My mother makes the best potato pancakes in the world (this has been
verified by NASA and Condé Nast). Friends still ask for the recipe, so
here's my version. A bow of respect to my mom, as this recipe is 90% hers
- I make slight tweaks to the ingredients and technique, so if you make
these and you find them as delightful as I do, full credit goes to my
mother, who is one o' the greats.
Latkes Ingredients and Tools
A whole mess of paper towels
1 decent-sized blender
1 large mixing bowl
8 good-sized Russet potatoes
1 large onion (your choice on variety)
Matzo meal - you'll need about a cup for each batch
Canola oil (enough to fry this batch, maybe half a cup or so)
First I'll do a brief on the recipe and then the details:
To make the latkes, scrub, peel, and cut up potatoes. Cut up onion into
chunks. Add a little oil, the eggs, the 'taters, and the onion to the
blender and blend on low setting. Once it is blended, pour the mush into
a big bowl, add the matzo meal. Then get your biggest frying pan, add
enough canola oil so that there is about a quarter-inch of oil. Get it
good and hot, then spoon in the mixture. Wait until the sides get brown,
flip 'em over, wait 30-40 seconds, pull 'em out onto paper towels, let
'em cool for as long as you can stand it, then shove 'em in your eating
Ok, now the full thing:
Prep Get out a large mixing bowl that you will use for the final container
of the potato mush. Set it aside.
Get out a large lasagna-style baking dish (for keeping the latkes warm
in the oven). Put in a few layers of paper towels and put it near the
stove, if not on one of the empty burners.
Get out your biggest frying pan. Higher sides are better, because their
will be spatter from the hot oil. Deal with the pain of the burns, the
taste will make up for them. Set the pan on the stove.
Get out the ingredients and a large spoon (larger than a standard tablespoon,
but not huge)
Get out your biggest blender. Plug it in.
Scrub the potatoes. Peel the potatoes, though no need to be overly-clean.
Getting most of the skin off is the idea. Cut potatoes in half, lengthwise,
then half again, lengthwise.
Line up the four long strips and cut them into one-inch chunks or so.
Don't sweat it, it's just to make it easier to put into the top of the
Peel and cut the onion into quarters.
Grab the oil and put about a teaspoon into the blender. Follow it with
the eggs (yolks and whites), and start blending on a low setting.
Add potatoes and onion chunks.
Add salt and pepper (your choice on how much)
Wait until the largest chunk you see is the size of a pea. No need to
liquefy this stuff, just get it goopy.
Take the goopy potato mixture and pour it into the large mixing bowl.
Slowly add one cup of matzo meal. Stir as you add.
When that's done, put about a quarter-cup of canola oil into your frying
pan and get it good and hot.
Make sure that there's about a quarter-inch of oil in the pan - don't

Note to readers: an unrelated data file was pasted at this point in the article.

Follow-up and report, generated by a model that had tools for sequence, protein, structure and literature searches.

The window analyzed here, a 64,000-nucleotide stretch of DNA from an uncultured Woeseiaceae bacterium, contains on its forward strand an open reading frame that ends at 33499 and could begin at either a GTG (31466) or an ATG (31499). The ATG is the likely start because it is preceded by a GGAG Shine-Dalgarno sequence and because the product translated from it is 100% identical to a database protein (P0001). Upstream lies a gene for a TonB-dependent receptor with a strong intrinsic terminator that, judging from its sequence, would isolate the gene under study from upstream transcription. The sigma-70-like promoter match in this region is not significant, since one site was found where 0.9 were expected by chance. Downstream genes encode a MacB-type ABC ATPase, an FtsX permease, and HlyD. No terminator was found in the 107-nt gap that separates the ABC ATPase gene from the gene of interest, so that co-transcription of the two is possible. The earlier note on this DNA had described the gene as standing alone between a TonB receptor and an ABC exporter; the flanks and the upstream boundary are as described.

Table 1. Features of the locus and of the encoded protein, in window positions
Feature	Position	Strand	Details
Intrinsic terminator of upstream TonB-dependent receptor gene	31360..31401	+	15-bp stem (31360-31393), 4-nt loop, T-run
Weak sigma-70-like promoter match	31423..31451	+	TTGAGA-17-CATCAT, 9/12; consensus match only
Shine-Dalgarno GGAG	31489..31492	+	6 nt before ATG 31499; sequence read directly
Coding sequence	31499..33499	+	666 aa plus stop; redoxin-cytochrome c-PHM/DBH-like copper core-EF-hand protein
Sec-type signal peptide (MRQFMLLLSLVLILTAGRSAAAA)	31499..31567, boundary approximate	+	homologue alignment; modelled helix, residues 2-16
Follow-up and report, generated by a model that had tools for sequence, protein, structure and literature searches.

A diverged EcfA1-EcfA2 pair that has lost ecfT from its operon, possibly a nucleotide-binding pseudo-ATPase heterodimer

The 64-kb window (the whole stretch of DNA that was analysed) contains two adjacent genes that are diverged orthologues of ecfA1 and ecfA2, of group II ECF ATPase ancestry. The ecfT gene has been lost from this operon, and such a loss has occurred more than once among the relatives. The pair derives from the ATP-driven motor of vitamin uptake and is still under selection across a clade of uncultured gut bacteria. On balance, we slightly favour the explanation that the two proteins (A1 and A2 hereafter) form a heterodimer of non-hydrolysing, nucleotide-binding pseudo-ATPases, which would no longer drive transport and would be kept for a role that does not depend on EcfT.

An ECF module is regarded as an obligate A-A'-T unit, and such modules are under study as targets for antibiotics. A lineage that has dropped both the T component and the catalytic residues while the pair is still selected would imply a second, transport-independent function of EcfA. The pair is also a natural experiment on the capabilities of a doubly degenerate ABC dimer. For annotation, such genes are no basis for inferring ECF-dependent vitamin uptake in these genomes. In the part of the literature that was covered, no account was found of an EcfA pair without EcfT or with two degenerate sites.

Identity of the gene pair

have any exposed bottom surface.
Take your bowl of potato goop and bring it to the stove. When you think
the oil is hot, drop in a tiny bit of potato goop. If it sizzles nice
and fast, the oil is ready.
Take your bigger-than-a-tablespoon spoon and get a healthy amount of potato
goop. Slowly add it into the hot oil, moving your spoon as you go, so
you get an oval-shaped layer of goop cooking. Do that again, maybe do
three the first run. Watch the edges. When they get brown, take your spatula
and flip them. The tops should look decently cooked. Then count to 30
or so, flip them again, make sure they look cooked, then take 'em out
and put 'em on the paper towels.
After they've drained a bit, put 'em on a plate and eat 'em, or put 'em
onto a baking sheet. If you're making this whole batch, when you get 'em
all on the baking sheet, you can pop 'em in the oven and set it to warm,
so that they stay fresh for when you are ready to serve.
Lastly, think of taste - they're great by themselves, but some folks love
them with applesauce or sour cream or whatever. Enjoy!
If you have the patience, cook them one at a time. This will keep the
oil temperature optimally heated. The hotter the oil, the perfecter the
pancake. For a crispier pancake, drain off some of the water from the
potato goop. Certainly you can add more matzo meal, but then you get less
potato taste. Instead, take the just-blended potato goop to the sink and
drain it gently with a big spoon, as you would a can of tuna.
Russet potatoes are traditional, and arguably the best-tasting, but if
you're up for variety, try Yukon Gold. Actually, try any kind of potato.
There are some 5,000 different varieties, and there's no wrong type of
fried potato. "I love starch. Starchy, starch, starch. Here it goes down,
down into my belly." Don't fear experimentation. Add more onion to the
mix. Add a clove of garlic. Add cumin or turmeric or cardamom. Remember,
it's all in the name of science.